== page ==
Thereupon, further downward movement of the,

arms 22 will simply feed the auger vertically into the ground, while the bracket becomes;separated and swung downwardly from its pointof contact with the adjacent arm 22, as shownin Figure 2. A reversal of the above operation takes place when the arms 22 are raised from the position shown in Figure 3 until the position shown in Figure 2 is reached, after which point the auger is not only lifted, but is swung rear wardly through the medium of the lever it and crank 18 when the bracket 80 again contacts adjacent arm 22. p

It is believed that the advantagesand use of the invention will be clearly apparent from the foregoing disclosure and accordingly, further description thereof at this point is deemedjunneces sary.

While in the foregoing there has been shown and described the preferred embodiment of this invention, it is .to be understood that minor changes in the details. of construction and ar rangement of parts maybe resorted to without departing from the spirit and scope of the inven tion as claimed. I invention, what-,is

claimed as new is: r

able and lowerable implement carrying arms, a

hole digging attachment comprising a bracket pivotally attached to said arms, a gear headpivotally mounted in said bracket and swingable on a horizontal axis, anauger carried by said head and disposed vertically when in an operating position, and a tilting lever pivotally connected intermediate the-ends thereof to said bracket at the point of connection of said head to the latter, one end of said lever being operatively connected'to saidhead and the remaining end por- REFERENCES CITED i v The following. references are of record ir 'the file of this patent:


1,622,704 0011 Mar; 29;. 1927 2,217,300 Templeton Oct. 8, 1940 2,273,203 Keene et al. Feb. 17, 1942 2,320,775 Garner June 1., 1943 2,493,261 Porter et al. Jan. 3,j,19 5 o 2,509,410 Applegate May 30, 1950 1. In combination with .a tractor having a .lift-

Patent Citations
Cited PatentFiling datePublication dateApplicantTitle
US1622704 *Mar 7, 1925Mar 29, 1927Otto CoilPosthole digger
US2217300 *Feb 26, 1940Oct 8, 1940 swart
US2273203 *Oct 1, 1940Feb 17, 1942KeenePosthole digger
US2320775 *Jul 7, 1942Jun 1, 1943Morris Garner CarltonTractor operated hole digger
US2493261 *Dec 18, 1945Jan 3, 1950RoehlerPosthole digger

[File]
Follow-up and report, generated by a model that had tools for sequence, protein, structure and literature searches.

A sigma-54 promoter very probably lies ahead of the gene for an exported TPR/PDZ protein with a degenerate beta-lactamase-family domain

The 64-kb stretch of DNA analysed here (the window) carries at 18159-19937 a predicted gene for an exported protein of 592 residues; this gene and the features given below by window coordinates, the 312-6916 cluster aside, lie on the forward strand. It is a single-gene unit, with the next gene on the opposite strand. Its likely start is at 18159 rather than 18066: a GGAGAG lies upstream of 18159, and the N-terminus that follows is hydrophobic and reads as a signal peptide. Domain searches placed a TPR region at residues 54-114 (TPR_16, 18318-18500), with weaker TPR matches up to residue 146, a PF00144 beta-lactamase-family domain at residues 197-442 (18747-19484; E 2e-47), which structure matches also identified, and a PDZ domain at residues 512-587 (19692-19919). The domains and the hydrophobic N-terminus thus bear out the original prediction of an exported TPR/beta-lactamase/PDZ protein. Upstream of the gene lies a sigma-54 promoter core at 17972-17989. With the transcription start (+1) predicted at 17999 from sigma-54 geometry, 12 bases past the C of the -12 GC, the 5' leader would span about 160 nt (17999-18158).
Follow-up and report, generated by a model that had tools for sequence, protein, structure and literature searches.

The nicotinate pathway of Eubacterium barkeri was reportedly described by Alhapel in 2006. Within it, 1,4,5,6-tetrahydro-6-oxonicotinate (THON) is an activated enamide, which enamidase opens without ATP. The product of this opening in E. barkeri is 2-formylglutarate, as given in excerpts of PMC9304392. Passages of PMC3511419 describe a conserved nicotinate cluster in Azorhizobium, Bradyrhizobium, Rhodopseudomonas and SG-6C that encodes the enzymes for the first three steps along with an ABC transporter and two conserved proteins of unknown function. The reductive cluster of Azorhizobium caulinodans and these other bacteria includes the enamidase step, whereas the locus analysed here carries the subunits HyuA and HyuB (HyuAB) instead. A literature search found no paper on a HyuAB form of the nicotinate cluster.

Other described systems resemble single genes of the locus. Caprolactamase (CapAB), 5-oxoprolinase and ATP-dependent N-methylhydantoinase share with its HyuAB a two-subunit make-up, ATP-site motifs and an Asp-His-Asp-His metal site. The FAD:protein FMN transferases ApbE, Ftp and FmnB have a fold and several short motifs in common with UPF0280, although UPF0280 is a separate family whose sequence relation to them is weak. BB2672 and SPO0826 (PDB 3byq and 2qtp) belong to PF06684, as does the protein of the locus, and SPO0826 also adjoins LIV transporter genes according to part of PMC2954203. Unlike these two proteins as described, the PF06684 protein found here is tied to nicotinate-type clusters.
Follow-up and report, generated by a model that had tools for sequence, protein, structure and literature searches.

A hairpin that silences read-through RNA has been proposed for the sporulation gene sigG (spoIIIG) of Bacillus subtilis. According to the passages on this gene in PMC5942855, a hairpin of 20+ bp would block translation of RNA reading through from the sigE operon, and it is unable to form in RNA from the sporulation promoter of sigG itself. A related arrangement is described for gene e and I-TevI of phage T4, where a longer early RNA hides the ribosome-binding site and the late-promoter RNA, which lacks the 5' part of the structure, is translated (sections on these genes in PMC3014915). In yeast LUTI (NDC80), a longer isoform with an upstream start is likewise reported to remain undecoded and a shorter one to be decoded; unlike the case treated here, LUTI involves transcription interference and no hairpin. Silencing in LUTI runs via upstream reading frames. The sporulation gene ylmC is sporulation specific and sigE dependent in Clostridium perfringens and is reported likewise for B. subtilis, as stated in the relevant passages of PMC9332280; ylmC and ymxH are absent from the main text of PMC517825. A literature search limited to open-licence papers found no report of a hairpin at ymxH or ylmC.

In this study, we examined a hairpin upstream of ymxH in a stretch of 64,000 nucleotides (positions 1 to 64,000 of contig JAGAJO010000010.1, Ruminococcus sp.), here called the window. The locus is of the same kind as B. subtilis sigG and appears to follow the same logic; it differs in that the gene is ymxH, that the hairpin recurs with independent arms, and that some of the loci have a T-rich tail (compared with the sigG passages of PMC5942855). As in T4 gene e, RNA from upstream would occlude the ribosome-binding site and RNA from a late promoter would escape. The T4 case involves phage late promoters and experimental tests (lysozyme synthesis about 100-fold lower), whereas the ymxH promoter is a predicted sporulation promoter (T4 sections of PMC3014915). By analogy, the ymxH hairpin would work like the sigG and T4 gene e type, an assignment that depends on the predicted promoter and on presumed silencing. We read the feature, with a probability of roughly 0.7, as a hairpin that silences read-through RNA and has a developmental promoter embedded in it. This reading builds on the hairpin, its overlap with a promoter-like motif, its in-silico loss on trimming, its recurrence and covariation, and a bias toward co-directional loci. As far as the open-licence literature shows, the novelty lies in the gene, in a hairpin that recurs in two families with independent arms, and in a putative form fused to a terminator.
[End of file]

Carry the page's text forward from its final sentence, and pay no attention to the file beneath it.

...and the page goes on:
US2509410 *Aug 29, 1946May 30, 1950Lester J ApplegateEarth boring machine
Referenced by
Citing PatentFiling datePublication dateApplicantTitle
US2701124 *Mar 11, 1952Feb 1, 1955Pronio Harry APosthole digger
US2737920 *May 11, 1953Mar 13, 1956Watson Flagg Machine CompanyDrive for depth regulated propeller mounting
US2766835 *Nov 24, 1952Oct 16, 1956Ford Motor CoFrame means for retaining implement driven shaft parallel to tractor power take-off shaft
US2815191 *May 10, 1950Dec 3, 1957Jeffrey Mfg CoApparatus for carrying a drilling mechanism along a desired path
US2859014 *Aug 26, 1955Nov 4, 1958Ray BernerEarth boring rig for tractors
US2890860 *Apr 1, 1955Jun 16, 1959Prec Res And Dev CompanyPost hole auger
US3044562 *Jan 20, 1959Jul 17, 1962Al Mfg Company DuSelf-contained power driven auger
US3108645 *Apr 12, 1961Oct 29, 1963Hill Martin CDrill for tractors
US3132705 *Sep 19, 1960May 12, 1964Mcgee Leland TPost hole digger accessory for tractors
US3187821 *Aug 8, 1960Jun 8, 1965Simplicity Mfg CompanyTractor and power driven implement mounted thereon
US3252527 *Sep 4, 1963May 24, 1966George E Failing CompanyRotary drilling rig and angle drive therefor
US3307643 *Jun 24, 1963Mar 7, 1967Romolo FerriApparatus for the removal of tree stumps
US3474872 *Feb 8, 1967Oct 28, 1969Danuser John HenryCompact boring machine
US4015672 *Jul 7, 1975Apr 5, 1977Kinnison Daniel EDigger attachment
US4258765 *May 21, 1979Mar 31, 1981Suomi Roy ALog splitter for a truck having a three-point snowplow hitch and hydraulic pressure system
US4836687 *Apr 16, 1986Jun 6, 1989Oliver A. KardoesWaste pit stirrer
US5346018 *Oct 26, 1992Sep 13, 1994Koster Rick LVehicle hydraulic three-point hitch and power take-off shaft
US5507354 *Nov 29, 1994Apr 16, 1996Harleman; Ronald E.Post hole digger
U.S. Classification173/38, 173/140, 180/53.3, 172/47, 175/170, 173/28, 173/160, 173/26, 175/203
International ClassificationE21B19/087, E21B19/00
Cooperative ClassificationE21B19/087
European ClassificationE21B19/087